Fairfield University joins national teach-in on Guantánamo


Fairfield University is participating in an unprecedented national teach-in on the Guantánamo Bay Prison and detainees on Thursday, Oct. 5, in the Barone Campus Center, Lower Level. The Teach-In, entitled, "Guantánamo: How Should We Respond?" includes an eight-hour live simulcast broadcast from Seton Hall Law School from 10 a.m. to 6 p.m., followed by a live panel from 6 to 7 p.m. The event is free and open to the public.

Inspired by the techniques of the teach-ins of the 1960s, but utilizing the technology of the present, the conference will be a collaboration of more than 200 colleges and law schools. Sessions will include academics, journalists, military officers, theologians, human rights activists, lawyers for detainees, and released detainees themselves, considering two overriding themes:

1. Whether Guantánamo can exist in a democracy committed to the rule of law, and

2. Whether and how various communities - journalists, theologians and physicians - should respond to this unprecedented governmental action.

Topics to be covered within those themes include: administration detention policy and the debate on prisoner abuse, the obligations of medical professionals, Guantánamo and religious communities, prisoner suicide and forced feeding, and the roles of our military and civilian authorities.

The day will conclude with a live panel of Fairfield University students and faculty at 6 pm. Participants will include Rev. Richard Ryscavage, S.J., director of the Center for Faith and Public Life, Dr. Janie Leatherman, professor of politics, Dr. Donald Greenberg, associate professor of politics, and students from the Debate Team and various classes.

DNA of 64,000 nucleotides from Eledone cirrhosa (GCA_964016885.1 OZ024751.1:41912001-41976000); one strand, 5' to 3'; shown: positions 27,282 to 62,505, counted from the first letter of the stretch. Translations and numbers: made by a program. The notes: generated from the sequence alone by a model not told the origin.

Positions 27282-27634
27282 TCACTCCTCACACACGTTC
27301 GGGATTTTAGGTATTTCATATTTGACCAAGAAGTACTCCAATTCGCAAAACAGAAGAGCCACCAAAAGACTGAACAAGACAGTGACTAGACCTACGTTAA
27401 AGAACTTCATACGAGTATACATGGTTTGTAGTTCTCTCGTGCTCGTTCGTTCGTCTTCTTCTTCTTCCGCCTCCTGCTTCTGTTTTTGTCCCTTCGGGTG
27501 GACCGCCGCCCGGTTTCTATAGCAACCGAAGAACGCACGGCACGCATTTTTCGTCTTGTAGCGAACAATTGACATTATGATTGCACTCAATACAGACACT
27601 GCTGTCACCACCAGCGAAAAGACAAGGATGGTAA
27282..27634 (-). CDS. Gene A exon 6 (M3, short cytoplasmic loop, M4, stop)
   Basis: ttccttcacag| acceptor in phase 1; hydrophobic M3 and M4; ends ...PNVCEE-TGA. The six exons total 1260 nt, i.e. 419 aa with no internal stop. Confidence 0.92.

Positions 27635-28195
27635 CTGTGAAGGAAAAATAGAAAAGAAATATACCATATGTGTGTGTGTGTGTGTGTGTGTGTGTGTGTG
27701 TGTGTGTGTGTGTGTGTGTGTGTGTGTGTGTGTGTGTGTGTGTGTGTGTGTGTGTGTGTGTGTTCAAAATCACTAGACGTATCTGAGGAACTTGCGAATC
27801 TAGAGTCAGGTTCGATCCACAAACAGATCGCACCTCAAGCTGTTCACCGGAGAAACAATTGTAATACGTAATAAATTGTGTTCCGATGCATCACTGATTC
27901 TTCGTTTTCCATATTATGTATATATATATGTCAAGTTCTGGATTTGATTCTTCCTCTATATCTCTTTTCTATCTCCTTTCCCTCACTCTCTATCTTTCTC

A full program and information as it develops can be found at www.guantanamoteachin.com

Among the many distinguished speakers are:

  • Joe Margulies,Professor of Law at Northwestern Law School, lead counsel in Rasul v. Bush and author of Guantánamo and the Abuse of Presidential Power
  • Jane Mayer, New Yorker, Ms. Mayer is the author of several major articles on elements of the administration's detention policy
  • Carol Rosenberg, Miami Herald, the first print journalist allowed to report from Guantánamo
  • Adam Zagorin, Time, Mr. Zagorin and his colleague Michael Duffy were the first journalists to reveal the details of an interrogation at Guantánamo
  • Walter Pincus, who has reported on the history of coercive interrogations for the Washington Post
  • Rear Admiral Donald Guter (Ret.), Dean of Duquesne Law School; Judge Advocate General of the U.S. Navy from 2000-2002
  • Commander Charles Swift, who started the Hamdan litigation as military defense counsel to Mr. Hamdan two years ago
  • Capt. James Yee, former Chaplain atGuantánamo and author of For God and Country: Faith and Patriotism Under Fire
  • Dr. Gerald Koocher, President American Psychological Association
  • Leonard Rubenstein, Physicians for Human Rights
  • William H Taft IV, former Chief Legal Adviser, U.S. State Department

For more information on the Teach-In, please contact Dr. Lucy Katz, (203) 254-4000, ext. 2840.

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Media Contact: Nancy Habetz, (203) 254-4000, ext. 2647, nhabetz@fairfield.edu

Posted on September 27, 2006

Vol. 39, No. 41

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